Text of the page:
As It Happens

Florida voting restrictions will target people of colour, says state Democrat

Florida is the latest Republican-controlled state to approve restrictions on things like mail-in ballots and drop boxes. The bill now heads to Republican Gov. Ron DeSantis, who has signaled his support and is expected to sign it. 

Republicans take aim at mail-in ballots, where Democrats excelled in 2020 election

Democratic State Rep. Angie Nixon, seen here in the back left holding a microphone, says the new voting restrictions passed by Florida Republicans is all about 'suppressing black and brown people.' (Florida House of Representatives)

Story Transcript

The only reason Florida Republicans passed sweeping new voter restrictions is to suppress people of colour, says Democratic State Rep. Angie Nixon. 

"This is just all about suppressing Black and brown people and trying to strip their power away," Nixon, a Black state representative for Jacksonville, Fla., told As It Happens host Carol Off.

On Thursday, Florida became the latest Republican-controlled state to approve restrictions on things like mail-in ballots and drop boxes. The bill now heads to Republican Gov. Ron DeSantis, who has signaled his support and is expected to sign it. 

Republicans say that this move was needed to guard against voter fraud, even though DeSantis previously boasted that "Florida had the most transparent and efficient election than any place in the country in 2020." 

Bill targets voters of colour, Nixon says

Many Republican lawmakers across the U.S. have embraced former president Donald Trump's claim that the 2020 election was stolen from him and that the practice of mail-in voting is to blame. Trump and his family voted by mail for the June 2020 Florida primary.  

Florida saw a spike in mail-in ballots during the last election, in a large part because of the COVID-19 pandemic. Historically, Florida Republicans had the upper hand on voting by mail, but Florida Democrats outvoted Republicans by 680,000 absentee ballots last fall. 

Florida Rep. Tracie Davis, left foreground, is surrounded by supporters as she speaks at the Capitol in Tallahassee, Fla., about the new voting restrictions. (Wilfredo Lee/Associated Press)

Much of the bill focuses on mail-in ballots and how they are collected and returned. Nixon says that isn't a coincidence. 

"Republicans passed these laws because voters of colour, Black people, voted in record numbers in 2020," Nixon said. 

Republicans, however, have defended the bill.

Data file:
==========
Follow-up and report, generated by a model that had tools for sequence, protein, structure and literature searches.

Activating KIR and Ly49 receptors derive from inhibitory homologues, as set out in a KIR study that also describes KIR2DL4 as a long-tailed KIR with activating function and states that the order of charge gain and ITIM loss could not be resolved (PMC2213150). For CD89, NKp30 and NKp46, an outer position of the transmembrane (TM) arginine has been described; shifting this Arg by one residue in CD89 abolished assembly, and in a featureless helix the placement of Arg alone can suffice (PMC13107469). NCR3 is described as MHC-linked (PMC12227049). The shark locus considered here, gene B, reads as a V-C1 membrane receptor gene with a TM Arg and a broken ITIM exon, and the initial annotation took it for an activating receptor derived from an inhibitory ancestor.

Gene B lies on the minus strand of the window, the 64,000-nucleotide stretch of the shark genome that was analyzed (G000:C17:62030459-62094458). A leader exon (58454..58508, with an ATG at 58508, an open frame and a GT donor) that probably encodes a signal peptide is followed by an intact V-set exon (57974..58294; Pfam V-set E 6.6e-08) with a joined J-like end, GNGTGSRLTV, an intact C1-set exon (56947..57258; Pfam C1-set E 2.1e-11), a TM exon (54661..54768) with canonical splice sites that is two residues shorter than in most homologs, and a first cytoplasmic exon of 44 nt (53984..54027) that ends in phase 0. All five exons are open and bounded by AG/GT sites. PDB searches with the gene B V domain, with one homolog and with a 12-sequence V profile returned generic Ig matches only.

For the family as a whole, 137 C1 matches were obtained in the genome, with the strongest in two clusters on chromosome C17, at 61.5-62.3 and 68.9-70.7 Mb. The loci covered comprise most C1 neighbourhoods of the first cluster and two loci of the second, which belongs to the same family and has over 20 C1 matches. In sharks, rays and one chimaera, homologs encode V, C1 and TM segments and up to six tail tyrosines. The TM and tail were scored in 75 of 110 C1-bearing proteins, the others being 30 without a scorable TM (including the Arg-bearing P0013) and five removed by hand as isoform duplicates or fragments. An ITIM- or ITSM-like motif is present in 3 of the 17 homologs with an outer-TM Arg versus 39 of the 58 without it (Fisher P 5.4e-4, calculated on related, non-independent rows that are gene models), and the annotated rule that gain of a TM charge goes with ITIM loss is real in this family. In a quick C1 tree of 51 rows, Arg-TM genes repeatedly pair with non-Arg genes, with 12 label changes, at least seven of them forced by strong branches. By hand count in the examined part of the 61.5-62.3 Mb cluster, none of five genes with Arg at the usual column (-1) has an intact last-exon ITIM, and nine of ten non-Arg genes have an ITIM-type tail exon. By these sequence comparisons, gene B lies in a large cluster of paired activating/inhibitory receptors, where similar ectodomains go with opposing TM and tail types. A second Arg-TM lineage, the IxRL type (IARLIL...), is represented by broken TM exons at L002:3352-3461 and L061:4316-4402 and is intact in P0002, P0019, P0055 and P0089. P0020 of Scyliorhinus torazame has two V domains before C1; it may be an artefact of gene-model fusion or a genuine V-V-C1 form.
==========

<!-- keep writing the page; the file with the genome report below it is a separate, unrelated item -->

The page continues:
"I believe that every legal vote should count," Travis Hutson, a Republican senator from Northeast Florida, told the New York Times. "I believe one fraudulent vote is one too many. And I'm trying to protect the sanctity of our elections."

If the bill is passed into law, people will only be able to bring their ballots to drop boxes when early voting sites are open, something Nixon says defeats the purpose completely. 

"The purpose of us having those drop boxes in the first place was to allow people … who worked during early voting hours to drop off those ballots," she said. 

Republicans passed these laws because voters of colour, Black people voted in record numbers in 2020.-  Angie Nixon, Florida state representative

The ballot boxes would have to be supervised by election officials. If an official does not follow these rules, they could face a $25,000 US fine. 

The bill also places a two-ballot limit on how many mail-in ballots someone can pick up from voters who otherwise could not make it to the drop boxes, and require voters to request absentee ballots, as opposed to automatically having the ballot mailed to their home.  

Another provision in the bill would roll back a rule that requires an election if someone resigns and runs for a different election. Under this new bill, the governor would be able to appoint a replacement without an election. Nixon called this measure "egregious."

Some measures in the bill were originally much more severe, including an outright ban on ballot boxes and a requirement to present identification when dropping off those ballots. 

The Florida bill follows similar legislation in states like Texas and Georgia. President Joe Biden described the bills as "Jim Crow in the 21st century." In Georgia, which saw long lines during the general election, handing out water or food to voters in line is now forbidden. 

Nixon says it was "disheartening" watching similar debates take place in the Florida legislature, just weeks after a so-called anti-riot bill was approved

That bill, which was recently signed by the governor, enhances crimes committed during a riot or violent protest. It also makes it a second-degree felony to destroy or demolish a memorial, plaque, flag, painting, structure or other object that commemorates historical people or events. 

But opponents say it is a racist reaction to anti-Black demonstrations that were sparked by the murder of George Floyd by former Minneapolis police officer Derek Chauvin. 

'This will bite them in the wazoo'

Nixon says this is just more proof that Republicans fear losing power. 

"You're so fearful that we're going to treat you the same way that you've treated people of colour and low-income people for hundreds of years," she said. 

And while she says this will all make it harder for Democrats to vote, it will also affect older Republicans who have historically voted by mail.

"What goes around comes around, and I think this will bite them in the wazoo," Nixon said.  


Written by Sarah Jackson with files from The Associated Press. Produced by Katie Geleff. 

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